It is meaningless drivel week (ie when people who were not born in specific countries and who don’t live there, and have never lived there, claim to “represent” said country.  A bit like me representing Costa Rica – spent a nice week there, but that’s about it.  On the other hand I can play a mean inside right).

So, I thought to myself,  let’s do some stuff of our own, miles away from the tripe.

I was going to cover Notts County, which is exploding into the most amazing story – but in fact wrote up part one of the latest exploits (if you have not read them you won’t believe them) here. There will be more later today.

Meanwhile, on this site, how about…

What is the worst stadium you have ever seen Arsenal play in? I choose this as the first in what I hope will be a long-running series stretching into the next century, because the story is that Arsenal’s first ever match was played on a bumpy pitch surrounded by an open sewer, into which the ball regularly dropped.  (I don’t cover that event in Making the Arsenal, but there are stories much stranger than that within the book – you really ought to have bought a copy by now).

I thought long and hard (well five minutes) and came up with these…

Luton: this is my all time nomination, and made all the worst because it was a Division I match there.  The gentleman’s convenience was at the back of the open terrace – and it like the terrace was open to the sky.  It was the sort of environment that gives a cess pit a bad name.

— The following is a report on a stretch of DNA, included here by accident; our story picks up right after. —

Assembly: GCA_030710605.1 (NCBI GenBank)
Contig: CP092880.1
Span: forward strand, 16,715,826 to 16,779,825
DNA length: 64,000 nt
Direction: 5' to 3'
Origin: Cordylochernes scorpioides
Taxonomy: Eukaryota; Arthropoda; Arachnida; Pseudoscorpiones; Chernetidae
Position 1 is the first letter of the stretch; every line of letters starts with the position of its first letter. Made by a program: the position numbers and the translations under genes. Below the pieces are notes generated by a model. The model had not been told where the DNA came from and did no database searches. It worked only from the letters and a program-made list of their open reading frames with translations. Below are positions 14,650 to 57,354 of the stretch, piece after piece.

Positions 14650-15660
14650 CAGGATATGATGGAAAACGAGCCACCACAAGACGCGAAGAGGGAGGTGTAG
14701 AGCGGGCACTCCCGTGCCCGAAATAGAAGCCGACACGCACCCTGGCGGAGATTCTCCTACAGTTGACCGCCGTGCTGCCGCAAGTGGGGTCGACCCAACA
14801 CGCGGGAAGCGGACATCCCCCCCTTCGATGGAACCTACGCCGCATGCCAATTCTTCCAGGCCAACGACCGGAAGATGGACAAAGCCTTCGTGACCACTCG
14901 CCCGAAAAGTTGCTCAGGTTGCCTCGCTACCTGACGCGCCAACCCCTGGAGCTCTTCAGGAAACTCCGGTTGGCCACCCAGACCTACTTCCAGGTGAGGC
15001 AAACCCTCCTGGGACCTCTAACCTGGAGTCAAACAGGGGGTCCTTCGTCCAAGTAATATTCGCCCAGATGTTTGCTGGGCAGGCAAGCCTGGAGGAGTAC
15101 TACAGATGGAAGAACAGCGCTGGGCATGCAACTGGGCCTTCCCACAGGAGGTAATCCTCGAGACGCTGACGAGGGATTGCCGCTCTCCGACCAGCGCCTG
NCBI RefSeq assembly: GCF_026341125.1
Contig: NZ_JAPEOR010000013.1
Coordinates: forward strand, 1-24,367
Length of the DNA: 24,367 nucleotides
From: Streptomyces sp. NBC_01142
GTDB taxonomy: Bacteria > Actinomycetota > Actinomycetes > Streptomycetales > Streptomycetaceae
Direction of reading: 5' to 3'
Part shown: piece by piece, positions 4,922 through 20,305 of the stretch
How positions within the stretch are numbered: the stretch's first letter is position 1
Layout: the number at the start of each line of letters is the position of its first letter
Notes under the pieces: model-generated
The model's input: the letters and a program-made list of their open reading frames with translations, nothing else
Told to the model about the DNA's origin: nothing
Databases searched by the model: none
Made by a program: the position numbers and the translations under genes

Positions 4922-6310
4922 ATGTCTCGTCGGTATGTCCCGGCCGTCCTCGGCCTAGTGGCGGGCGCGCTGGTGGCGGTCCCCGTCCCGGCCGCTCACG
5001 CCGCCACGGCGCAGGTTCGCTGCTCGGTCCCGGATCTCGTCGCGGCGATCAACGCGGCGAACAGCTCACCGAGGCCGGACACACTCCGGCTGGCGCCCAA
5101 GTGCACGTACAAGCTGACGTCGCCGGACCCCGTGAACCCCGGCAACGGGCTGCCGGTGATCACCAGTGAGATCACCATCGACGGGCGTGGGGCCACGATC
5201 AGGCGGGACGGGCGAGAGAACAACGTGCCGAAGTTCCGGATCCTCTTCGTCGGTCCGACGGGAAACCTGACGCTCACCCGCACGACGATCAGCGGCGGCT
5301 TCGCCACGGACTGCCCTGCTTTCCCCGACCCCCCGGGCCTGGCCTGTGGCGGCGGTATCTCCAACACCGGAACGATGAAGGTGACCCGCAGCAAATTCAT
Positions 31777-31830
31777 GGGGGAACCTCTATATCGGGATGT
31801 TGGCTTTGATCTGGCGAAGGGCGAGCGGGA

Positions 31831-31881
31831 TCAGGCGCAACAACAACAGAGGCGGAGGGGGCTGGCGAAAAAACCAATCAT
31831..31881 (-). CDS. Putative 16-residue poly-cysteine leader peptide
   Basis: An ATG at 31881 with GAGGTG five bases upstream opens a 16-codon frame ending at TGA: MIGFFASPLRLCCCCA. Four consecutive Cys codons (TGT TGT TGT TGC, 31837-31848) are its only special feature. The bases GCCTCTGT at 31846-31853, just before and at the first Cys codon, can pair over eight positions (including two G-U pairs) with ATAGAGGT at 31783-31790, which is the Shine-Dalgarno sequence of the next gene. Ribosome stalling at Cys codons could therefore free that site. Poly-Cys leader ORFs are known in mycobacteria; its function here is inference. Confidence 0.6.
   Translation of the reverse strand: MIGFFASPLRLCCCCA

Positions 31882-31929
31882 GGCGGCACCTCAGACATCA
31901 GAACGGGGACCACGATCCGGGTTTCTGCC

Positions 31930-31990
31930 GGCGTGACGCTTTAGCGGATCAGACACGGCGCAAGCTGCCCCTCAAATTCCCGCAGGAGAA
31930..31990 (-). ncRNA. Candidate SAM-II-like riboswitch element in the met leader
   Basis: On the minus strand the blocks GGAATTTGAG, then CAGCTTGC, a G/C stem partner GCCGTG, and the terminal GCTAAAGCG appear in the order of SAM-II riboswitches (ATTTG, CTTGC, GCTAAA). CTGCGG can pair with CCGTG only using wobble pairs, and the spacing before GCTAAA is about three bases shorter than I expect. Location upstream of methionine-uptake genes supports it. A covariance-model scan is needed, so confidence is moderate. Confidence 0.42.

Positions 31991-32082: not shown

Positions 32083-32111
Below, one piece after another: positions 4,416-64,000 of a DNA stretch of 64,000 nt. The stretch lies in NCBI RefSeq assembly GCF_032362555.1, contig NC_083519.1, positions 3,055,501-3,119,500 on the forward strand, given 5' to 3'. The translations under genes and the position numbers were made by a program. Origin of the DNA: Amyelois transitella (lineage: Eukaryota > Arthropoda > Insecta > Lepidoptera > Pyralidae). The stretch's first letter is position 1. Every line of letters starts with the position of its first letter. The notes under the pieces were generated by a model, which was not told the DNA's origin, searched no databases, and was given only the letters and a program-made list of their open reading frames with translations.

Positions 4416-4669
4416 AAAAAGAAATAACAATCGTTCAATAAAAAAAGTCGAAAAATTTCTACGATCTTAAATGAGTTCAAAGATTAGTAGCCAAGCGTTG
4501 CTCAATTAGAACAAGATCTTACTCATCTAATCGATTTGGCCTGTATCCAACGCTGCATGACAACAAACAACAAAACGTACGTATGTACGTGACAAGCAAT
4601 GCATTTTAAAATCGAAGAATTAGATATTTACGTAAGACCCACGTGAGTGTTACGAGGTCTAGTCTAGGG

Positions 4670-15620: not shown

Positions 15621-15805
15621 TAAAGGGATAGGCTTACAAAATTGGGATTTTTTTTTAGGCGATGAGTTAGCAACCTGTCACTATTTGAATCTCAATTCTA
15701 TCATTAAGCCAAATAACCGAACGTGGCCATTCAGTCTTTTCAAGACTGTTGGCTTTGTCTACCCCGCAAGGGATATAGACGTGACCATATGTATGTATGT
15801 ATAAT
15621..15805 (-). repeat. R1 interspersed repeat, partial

The terracing was not steep enough to allow one to stand and see – when our second goal went in I only knew we had scored because everyone jumped up and down.  There was definite pressure from behind – not enough crush barriers – indeed were there any?

Outside there were no proper indications of where one should go in (this was in the days when you just turned up and paid at the game) if one wanted to be at the away supporters end.   The streets around were narrow lanes I recall, and far from safe as the crowd came out at the end, and the whole thing had a taste of the Southern League about it.   I don’t think I could even find a way to buy a programme.

My other nomination is the old Northampton Town ground.  They have long since moved away to the outskirts (as clubs do) and I have seen Arsenal play a friendly there as well.   But the one at the old ground was again a league match.  Northampton had gone up from the 4th division to the 1st, and then went down again, but on the way they had done nothing to the ground.